Reviewed by P.P.O. Kane
Classic Pin-up Art of Jack Cole
Edited by Alex Chun
Fantagraphics Books, April 2010
Jack Cole was a brilliant artist and one of the most significant figures in American comics. He invented Plastic Man, a sublimely weird superhero, writing the stories and drawing and inking the panels all by his lonesome, from 1941 to 1945. True it is that, in a far-off time, to be plastic and supremely malleable was considered a power and a virtue. Conformist America, where art thou?
Behind an anodyne facade, mind, dark and disturbing beasts lurked; and Cole captured some of the era’s sleazy underbelly in ‘Murder, Morphine and Me’, a story that he drew for the first issue of True Crime Comics in May 1947. (Chun calls it issue 2 in the introduction to this book, but it was in fact the first issue. It just says issue 2 on the cover.) It is shocking to read this particular story even now, and the image of the syringe held before a woman’s eye, needle poised and ready to strike and pierce, retains its harrowing force.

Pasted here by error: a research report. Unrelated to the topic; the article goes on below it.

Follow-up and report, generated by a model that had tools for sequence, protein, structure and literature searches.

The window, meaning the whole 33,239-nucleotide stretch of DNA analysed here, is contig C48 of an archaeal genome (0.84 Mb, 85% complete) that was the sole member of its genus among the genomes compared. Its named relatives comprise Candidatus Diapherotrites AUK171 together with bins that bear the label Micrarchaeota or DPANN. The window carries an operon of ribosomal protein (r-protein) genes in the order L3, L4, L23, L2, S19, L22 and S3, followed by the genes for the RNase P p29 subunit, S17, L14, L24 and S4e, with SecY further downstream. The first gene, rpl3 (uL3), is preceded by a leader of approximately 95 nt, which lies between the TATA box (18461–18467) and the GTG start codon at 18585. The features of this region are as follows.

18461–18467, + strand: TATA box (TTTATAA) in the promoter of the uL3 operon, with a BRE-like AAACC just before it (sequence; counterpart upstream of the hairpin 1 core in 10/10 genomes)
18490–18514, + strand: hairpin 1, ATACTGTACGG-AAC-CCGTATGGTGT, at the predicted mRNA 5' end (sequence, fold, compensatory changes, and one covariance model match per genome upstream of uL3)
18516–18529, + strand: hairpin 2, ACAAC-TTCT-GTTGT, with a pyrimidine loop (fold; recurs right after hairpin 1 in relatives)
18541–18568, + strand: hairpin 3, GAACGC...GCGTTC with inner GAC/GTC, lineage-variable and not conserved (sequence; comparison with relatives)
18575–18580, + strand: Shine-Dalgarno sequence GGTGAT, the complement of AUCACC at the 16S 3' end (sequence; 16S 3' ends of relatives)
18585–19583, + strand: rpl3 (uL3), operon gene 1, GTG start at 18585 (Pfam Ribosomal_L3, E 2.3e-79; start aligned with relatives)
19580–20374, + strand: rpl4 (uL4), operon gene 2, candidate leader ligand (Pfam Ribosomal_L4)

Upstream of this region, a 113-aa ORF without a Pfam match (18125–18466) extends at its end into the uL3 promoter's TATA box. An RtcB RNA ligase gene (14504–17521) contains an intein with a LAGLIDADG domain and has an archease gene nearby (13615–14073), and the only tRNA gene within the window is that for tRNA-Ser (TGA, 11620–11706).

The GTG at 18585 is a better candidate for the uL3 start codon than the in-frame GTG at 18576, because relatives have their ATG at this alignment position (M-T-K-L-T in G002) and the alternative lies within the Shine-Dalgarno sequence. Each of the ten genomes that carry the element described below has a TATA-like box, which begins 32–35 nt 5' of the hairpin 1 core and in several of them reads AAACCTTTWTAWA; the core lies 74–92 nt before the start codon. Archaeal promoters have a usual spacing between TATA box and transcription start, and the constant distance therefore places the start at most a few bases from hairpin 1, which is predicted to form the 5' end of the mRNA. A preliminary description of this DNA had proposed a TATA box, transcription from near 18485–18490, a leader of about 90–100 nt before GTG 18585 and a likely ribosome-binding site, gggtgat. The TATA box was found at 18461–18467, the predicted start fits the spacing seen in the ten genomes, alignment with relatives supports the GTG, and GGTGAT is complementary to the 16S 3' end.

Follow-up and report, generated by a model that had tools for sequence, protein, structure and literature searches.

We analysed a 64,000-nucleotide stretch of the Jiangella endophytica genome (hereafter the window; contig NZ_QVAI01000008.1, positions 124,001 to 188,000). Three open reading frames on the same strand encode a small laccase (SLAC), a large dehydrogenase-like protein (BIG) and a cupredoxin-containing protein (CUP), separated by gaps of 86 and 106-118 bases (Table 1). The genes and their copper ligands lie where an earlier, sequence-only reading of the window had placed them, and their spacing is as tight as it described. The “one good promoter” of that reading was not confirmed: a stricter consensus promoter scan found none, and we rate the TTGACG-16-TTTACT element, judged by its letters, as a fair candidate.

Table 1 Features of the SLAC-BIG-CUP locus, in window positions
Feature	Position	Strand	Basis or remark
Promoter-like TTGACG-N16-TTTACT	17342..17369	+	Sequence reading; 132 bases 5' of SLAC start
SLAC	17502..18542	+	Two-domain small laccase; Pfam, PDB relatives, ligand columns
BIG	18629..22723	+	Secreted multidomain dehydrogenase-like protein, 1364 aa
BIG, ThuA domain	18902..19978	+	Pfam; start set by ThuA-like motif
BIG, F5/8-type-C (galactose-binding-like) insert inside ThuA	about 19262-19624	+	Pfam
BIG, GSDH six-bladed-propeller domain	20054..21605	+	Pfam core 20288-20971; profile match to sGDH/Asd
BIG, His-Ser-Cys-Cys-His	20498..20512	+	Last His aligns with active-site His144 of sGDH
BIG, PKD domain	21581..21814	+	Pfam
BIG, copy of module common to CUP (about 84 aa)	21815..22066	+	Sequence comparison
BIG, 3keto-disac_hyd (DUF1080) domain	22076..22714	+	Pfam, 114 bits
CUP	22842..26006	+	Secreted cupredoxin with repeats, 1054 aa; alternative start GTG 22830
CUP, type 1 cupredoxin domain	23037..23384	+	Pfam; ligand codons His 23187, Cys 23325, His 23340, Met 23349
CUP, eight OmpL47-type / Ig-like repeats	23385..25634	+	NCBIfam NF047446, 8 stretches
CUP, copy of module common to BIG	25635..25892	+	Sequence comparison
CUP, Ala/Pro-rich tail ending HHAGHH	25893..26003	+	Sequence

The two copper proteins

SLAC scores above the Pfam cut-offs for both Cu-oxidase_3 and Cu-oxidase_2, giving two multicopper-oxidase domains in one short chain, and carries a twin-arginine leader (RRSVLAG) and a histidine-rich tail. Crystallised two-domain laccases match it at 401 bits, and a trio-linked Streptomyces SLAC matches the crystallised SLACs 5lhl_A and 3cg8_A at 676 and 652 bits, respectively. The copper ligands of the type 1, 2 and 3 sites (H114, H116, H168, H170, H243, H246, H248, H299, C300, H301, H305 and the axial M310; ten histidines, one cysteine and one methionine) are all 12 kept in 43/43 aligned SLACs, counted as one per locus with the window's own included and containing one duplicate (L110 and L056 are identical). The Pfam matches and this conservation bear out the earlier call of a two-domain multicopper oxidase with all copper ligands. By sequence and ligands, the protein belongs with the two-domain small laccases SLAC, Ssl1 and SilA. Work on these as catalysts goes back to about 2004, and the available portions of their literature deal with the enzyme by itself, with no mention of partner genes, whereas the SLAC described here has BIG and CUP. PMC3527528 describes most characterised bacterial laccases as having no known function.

The book under review collects together some of the risqué cartoons that Cole placed in various men’s magazines in the 1950s, after exasperatedly leaving the comics industry. Some of these cartoons appeared in one magazine that, amongst a host of mostly forgotten titles, is still in existence today: Playboy, which Cole joined in 1953.
In essence, these are single panel cartoons, beautifully composed and drawn as you would expect, accompanied by a gag or punchline. They are pleasing to look at and vaguely amusing, to be sure, but there is none of the surreal, chaotic, rollercoaster quality to be found in Cole’s comic book art. There is nothing too objectionable either, unless you regard cheesecake as commodification – which you’re perfectly entitled to do, of course.
We are in the pre-feminist world of saucy seaside postcards and Mad Men (the TV series) or perhaps simply a world of mad men, inchoate playboys who are infinitely malleable and plastic.
Jack Cole found steady work at Playboy, working there until the fateful day when he killed himself. Chun includes all the details, and he even tells you the calibre of gun that was used. Cole was only 43 years old when he chose to end his life, an awful waste of a gorgeous talent. What is it Patchen wrote? ‘There are so many little dyings that it doesn’t matter which of them is death.’
About the reviewer: P.P.O. Kane lives and works in Manchester, England. He welcomes responses to his reviews and you can reach him at firstname.lastname@example.org